The caches of data that were publicly accessible included names, email addresses and social security numbers
A total of 38 million records stored across hundreds of Microsoft Power Apps portals have been found sitting unprotected on the internet. The treasure trove of data included a variety of personally identifiable information (PII) ranging from names and email addresses to social security numbers.
“The types of data varied between portals, including personal information used for COVID-19 contact tracing, COVID-19 vaccination appointments, social security numbers for job applicants, employee IDs, and millions of names and email addresses,” UpGuard said in a blog post detailing its discovery.
If the data were to fall into the wrong hands, it could be abused by cybercriminals for all manner of illicit activities, ranging from phishing and other social engineering attacks all the way to identity theft. Alternatively, the data could end up being sold on the dark web.
The multiple data leaks discovered and reported by the researchers were found to originate from Microsoft Power Apps portals that were configured to allow public access. Instead of some types of data such as PII remaining private, the misconfiguration led to it being publicly accessible. For context, Microsoft Power Apps is a tool that allows anyone to create responsive websites and gives users both internal and external secure access to data either anonymously or by using commercial authentication providers.
“In cases like registration pages for COVID-19 vaccinations, there are data types that should be public, like the locations of vaccination sites and available appointment times, and sensitive data that should be private, like the personally identifying information of the people being vaccinated,” UpGuard explained.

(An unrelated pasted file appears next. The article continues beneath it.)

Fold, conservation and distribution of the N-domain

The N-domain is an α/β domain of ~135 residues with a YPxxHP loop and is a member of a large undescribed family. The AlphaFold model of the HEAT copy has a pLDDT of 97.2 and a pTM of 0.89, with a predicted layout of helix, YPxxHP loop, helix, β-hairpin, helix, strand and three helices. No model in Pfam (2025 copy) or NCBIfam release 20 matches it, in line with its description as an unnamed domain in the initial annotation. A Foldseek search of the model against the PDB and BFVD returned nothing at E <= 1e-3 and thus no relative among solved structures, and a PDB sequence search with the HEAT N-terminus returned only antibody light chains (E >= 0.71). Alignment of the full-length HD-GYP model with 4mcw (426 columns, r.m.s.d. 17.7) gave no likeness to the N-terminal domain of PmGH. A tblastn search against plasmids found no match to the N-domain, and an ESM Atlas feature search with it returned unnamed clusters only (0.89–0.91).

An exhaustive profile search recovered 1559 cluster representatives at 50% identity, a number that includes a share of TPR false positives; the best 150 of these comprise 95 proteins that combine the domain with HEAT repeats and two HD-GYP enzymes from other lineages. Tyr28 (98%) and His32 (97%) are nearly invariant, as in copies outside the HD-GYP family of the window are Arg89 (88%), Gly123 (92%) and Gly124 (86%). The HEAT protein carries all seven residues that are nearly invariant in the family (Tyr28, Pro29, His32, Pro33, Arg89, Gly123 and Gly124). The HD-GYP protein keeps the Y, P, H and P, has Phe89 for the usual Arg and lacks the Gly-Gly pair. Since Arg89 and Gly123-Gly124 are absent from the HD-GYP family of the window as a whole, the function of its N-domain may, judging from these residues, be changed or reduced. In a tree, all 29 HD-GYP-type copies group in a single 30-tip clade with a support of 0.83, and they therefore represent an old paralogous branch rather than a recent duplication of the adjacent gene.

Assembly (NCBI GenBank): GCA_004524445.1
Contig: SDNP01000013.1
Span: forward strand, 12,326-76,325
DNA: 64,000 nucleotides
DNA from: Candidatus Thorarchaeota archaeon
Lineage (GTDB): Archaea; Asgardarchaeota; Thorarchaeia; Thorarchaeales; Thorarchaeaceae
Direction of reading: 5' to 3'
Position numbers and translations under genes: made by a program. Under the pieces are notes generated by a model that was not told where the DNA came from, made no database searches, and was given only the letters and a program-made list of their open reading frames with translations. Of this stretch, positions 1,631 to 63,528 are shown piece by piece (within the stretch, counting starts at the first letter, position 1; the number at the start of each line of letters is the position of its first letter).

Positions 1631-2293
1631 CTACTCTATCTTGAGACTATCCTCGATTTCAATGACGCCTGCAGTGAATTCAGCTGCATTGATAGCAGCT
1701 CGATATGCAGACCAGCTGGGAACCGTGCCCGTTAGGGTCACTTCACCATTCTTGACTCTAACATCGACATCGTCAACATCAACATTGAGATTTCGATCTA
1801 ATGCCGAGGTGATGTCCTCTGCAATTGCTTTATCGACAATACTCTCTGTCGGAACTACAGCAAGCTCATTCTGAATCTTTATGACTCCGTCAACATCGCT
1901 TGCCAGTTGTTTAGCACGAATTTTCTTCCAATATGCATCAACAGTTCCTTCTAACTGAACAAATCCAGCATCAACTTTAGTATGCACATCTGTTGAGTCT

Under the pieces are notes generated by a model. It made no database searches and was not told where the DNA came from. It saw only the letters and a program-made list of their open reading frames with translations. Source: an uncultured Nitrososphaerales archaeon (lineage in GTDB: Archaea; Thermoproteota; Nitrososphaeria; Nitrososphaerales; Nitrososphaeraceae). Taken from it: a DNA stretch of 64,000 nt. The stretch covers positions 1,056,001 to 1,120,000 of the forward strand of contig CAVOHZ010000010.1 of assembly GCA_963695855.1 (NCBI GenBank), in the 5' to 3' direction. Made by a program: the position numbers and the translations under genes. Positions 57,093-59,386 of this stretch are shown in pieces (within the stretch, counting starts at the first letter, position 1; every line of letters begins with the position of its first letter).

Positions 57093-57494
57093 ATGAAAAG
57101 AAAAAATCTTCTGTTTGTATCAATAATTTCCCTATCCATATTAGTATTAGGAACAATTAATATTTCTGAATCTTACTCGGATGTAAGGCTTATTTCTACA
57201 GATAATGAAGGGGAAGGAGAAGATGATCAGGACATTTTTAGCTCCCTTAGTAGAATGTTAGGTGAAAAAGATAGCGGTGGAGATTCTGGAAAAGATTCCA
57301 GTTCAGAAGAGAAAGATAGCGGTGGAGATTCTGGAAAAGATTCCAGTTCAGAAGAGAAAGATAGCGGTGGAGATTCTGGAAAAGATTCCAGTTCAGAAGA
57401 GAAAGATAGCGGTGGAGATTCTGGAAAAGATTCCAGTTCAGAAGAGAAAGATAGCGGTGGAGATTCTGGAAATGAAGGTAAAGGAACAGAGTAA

All in all, 47 institutions, companies, and governmental bodies from across the United States were affected. The list includes American Airlines, car manufacturer Ford, logistics company J.B. Hunt, Maryland Department of Health, the New York City Municipal Transportation Authority, New York City Schools, and even Microsoft itself.
UpGuard first discovered a Power Apps portal that contained an unsecured list with PII on May 24th. The company went on to notify the application’s owner and the data was secured. However, the case raised questions whether there were more portals providing access to reams of poorly-secured sensitive data. An analysis found that there were many Power Apps portals that were likely to store sensitive information.
On June 24th, the company notified Microsoft by filing a vulnerability report with its Security Resource Center. Beyond communicating with the Redmond tech giant, UpGuard also notified the organizations they deemed had the most severe exposures.
Meanwhile, in response to the incident, Microsoft has taken steps to remedy the situation by releasing tools allowing users to self-diagnose their portals and enabled Table Permissions by default, which limits access to the list of data a user can see.
Misconfigured and unsecured internet-facing databases can be considered a perennial problem; over the past year there have been reports of numerous such incidents. In one recent case, the medical scans of millions of patients were exposed online, while another data leak involved the data of millions of hotel guests. Just days ago, the FBI-run Terrorist Screening Center (TSC) left a secret terrorist watchlist unsecured on the internet for three weeks.